Distributed Innovation and Creativity, Peer Production, and Commons in Networked Economy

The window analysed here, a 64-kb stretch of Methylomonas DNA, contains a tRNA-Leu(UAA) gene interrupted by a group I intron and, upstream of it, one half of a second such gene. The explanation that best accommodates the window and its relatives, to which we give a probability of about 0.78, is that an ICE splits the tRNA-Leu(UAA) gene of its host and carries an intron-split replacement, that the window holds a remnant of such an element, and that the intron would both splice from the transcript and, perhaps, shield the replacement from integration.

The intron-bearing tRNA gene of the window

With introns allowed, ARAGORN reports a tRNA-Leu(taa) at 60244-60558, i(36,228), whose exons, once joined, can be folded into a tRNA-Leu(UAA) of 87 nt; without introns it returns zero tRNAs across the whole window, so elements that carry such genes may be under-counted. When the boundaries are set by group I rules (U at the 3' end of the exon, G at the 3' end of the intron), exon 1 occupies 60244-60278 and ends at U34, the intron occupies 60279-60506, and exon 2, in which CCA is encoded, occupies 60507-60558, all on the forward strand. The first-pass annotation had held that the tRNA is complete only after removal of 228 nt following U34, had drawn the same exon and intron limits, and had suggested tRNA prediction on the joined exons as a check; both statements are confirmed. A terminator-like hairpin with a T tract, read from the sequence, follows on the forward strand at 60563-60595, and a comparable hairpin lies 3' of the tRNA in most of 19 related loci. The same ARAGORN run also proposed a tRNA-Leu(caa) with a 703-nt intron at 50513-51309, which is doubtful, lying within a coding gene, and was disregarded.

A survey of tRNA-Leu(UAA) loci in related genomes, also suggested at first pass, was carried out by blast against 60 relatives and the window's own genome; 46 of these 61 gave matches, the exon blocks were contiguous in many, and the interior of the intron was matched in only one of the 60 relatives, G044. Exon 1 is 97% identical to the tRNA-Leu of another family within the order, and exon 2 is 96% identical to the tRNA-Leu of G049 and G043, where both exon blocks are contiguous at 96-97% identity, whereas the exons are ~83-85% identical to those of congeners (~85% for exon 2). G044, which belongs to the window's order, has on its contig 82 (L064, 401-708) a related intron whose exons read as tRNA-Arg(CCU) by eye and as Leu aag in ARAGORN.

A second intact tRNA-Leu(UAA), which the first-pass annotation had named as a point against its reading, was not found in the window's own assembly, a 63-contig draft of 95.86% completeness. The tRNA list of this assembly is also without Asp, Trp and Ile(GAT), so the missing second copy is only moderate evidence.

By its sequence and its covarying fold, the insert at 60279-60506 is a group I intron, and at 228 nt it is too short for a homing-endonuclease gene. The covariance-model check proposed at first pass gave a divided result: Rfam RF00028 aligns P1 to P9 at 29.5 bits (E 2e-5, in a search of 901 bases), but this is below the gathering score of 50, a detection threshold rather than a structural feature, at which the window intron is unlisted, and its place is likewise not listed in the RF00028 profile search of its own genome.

Imagine that in late 1995 someone told you that two groups of engineers were developing a critical piece of web infrastructure—the web server software that handles all the secure communications and payments, serves up pages, and runs the core functions of websites. The first group was Microsoft, then the most valuable software company in the world with a near monopoly hold over the operating system of personal computation; the second was a bunch of engineers, academics, amateurs, and people working for companies that were not engaged in this effort working in their spare time—who were developing the software and handing it out under a license that allowed anyone to copy the software, modify it, and distribute it as they pleased. Perhaps it is hard, as of this writing in 2013, to capture just how stupid the question “Who is going to win this race?” would have sounded to a reasonable person in 1995. And yet, the Apache web server, developed as Free and Open Source Software (FOSS) by the second group has systematically been adopted by a majority of websites over the past 18 years, through two boom and bust cycles. Microsoft trailed a distant second, while the third and fastest growing web server software, Nginx, was also FOSS. FOSS development has made inroads throughout the software platform. Mozilla Firefox has successfully cut into Microsoft Internet Explorer’s browser lead; about 80 percent of most scripting languages, like PHP, Ruby, or Python, are FOSS, and the FOSS operating system Linux dominates in infrastructure applications like server farms or high-end applications like supercomputing, and has expanded to a variety of embedded devices like set-top boxes, and sits at the heart of the Android mobile phone operating system.